تجزیه و تحلیل پردازش حالت چهره در بزرگسالان با عملکرد بالا مبتلا به اوتیسم
|کد مقاله||سال انتشار||مقاله انگلیسی||ترجمه فارسی||تعداد کلمات|
|37683||2007||11 صفحه PDF||سفارش دهید||محاسبه نشده|
Publisher : Elsevier - Science Direct (الزویر - ساینس دایرکت)
Journal : Neuropsychologia, Volume 45, Issue 4, 2007, Pages 685–695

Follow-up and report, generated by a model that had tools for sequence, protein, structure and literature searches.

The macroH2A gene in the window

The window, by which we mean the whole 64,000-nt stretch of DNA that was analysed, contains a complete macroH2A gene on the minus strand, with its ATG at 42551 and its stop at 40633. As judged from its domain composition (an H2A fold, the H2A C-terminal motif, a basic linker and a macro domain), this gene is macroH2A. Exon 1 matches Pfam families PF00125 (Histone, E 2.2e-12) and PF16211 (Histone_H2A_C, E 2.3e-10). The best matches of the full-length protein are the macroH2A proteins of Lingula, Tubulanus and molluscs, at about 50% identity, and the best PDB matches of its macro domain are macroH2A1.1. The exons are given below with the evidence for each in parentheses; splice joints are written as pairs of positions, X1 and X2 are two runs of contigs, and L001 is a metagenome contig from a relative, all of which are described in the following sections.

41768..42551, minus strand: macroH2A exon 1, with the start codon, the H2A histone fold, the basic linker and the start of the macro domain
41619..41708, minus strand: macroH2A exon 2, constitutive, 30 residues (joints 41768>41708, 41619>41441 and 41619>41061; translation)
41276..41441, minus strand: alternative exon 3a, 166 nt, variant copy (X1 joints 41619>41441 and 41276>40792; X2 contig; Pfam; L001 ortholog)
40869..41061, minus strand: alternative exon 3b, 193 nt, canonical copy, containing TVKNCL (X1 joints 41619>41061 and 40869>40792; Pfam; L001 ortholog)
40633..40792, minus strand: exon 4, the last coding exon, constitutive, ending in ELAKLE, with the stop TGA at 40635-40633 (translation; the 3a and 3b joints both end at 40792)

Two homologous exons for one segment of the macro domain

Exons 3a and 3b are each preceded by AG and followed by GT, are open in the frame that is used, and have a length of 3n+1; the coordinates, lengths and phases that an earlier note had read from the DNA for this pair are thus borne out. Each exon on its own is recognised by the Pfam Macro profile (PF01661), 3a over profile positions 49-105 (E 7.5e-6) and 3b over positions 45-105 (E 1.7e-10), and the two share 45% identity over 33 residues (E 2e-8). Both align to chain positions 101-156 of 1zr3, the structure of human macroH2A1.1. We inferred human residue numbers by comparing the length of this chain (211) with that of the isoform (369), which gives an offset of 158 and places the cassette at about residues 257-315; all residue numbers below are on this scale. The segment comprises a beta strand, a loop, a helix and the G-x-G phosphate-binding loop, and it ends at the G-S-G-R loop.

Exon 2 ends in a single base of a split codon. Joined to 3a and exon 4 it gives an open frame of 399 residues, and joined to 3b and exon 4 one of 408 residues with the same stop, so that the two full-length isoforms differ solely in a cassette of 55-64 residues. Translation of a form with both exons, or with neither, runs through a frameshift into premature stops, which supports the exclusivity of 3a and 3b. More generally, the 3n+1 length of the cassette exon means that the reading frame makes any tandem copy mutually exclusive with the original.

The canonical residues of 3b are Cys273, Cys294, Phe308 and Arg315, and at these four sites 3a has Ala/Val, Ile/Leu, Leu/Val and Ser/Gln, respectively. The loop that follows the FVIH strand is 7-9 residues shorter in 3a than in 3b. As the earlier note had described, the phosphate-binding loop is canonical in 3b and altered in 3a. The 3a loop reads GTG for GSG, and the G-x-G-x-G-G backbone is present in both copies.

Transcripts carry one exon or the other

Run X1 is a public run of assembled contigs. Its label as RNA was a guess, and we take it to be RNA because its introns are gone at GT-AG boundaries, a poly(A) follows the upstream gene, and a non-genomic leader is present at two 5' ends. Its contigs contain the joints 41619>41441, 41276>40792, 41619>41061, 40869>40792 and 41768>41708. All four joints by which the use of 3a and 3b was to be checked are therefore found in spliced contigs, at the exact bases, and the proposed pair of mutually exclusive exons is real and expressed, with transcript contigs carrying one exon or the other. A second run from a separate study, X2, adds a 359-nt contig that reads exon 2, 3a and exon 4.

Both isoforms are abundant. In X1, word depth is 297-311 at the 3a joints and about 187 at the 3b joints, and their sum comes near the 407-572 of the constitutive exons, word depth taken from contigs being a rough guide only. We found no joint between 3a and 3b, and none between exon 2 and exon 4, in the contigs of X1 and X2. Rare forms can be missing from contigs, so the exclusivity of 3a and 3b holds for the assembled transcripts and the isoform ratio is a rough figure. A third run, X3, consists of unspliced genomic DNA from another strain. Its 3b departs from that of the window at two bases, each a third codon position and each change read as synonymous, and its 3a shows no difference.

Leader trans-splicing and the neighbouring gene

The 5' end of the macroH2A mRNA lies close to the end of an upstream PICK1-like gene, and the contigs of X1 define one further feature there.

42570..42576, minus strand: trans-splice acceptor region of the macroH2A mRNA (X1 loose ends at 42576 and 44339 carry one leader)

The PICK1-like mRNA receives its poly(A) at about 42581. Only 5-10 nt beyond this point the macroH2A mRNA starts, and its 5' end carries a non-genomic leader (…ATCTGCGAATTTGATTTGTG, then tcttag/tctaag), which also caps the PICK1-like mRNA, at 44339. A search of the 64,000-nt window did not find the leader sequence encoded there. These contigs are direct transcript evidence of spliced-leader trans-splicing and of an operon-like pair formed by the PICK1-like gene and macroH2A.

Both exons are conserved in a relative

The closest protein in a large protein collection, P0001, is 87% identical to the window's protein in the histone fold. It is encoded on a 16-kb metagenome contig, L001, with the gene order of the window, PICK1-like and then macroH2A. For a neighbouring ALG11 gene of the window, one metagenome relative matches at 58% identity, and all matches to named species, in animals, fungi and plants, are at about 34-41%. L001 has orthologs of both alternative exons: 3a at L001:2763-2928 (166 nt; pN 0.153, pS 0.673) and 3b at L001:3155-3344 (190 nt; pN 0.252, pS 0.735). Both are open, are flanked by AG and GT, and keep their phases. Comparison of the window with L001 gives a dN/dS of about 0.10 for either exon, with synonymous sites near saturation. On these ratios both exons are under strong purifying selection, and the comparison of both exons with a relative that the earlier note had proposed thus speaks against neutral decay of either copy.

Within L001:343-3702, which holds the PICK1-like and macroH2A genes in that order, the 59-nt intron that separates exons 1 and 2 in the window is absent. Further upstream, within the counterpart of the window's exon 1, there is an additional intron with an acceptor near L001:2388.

Abstract It is unclear whether individuals with autism are impaired at recognizing basic facial expressions, and whether, if any impairment exists, it applies to expression processing in general, or to certain expressions, in particular. To evaluate these alternatives, we adopted a fine-grained analysis of facial expression processing in autism. Specifically, we used the ‘facial expression megamix’ paradigm [Young, A. W., Rowland, D., Calder, A. J, Etcoff, N. L., Seth, A., & Perrett, D. I. (1997). Facial expression megamix: Tests of dimensional and category accounts of emotion recognition Cognition and Emotion, 14, 39–60] in which adults with autism and a typically developing comparison group performed a six alternative forced-choice response to morphs of all possible combinations of the six basic expressions identified by Ekman [Ekman, P. (1972). Universals and cultural differences in facial expressions of emotion. In J. K. Cole (Ed.), Nebraska symposium on motivation: vol. 1971, (pp. 207–283). Lincoln, Nebraska: University of Nebraska Press] (happiness, sadness, disgust, anger, fear and surprise). Clear differences were evident between the two groups, most obviously in the recognition of fear, but also in the recognition of disgust and happiness. A second experiment demonstrated that individuals with autism are able to discriminate between different emotional images and suggests that low-level perceptual difficulties do not underlie the difficulties with emotion recognition.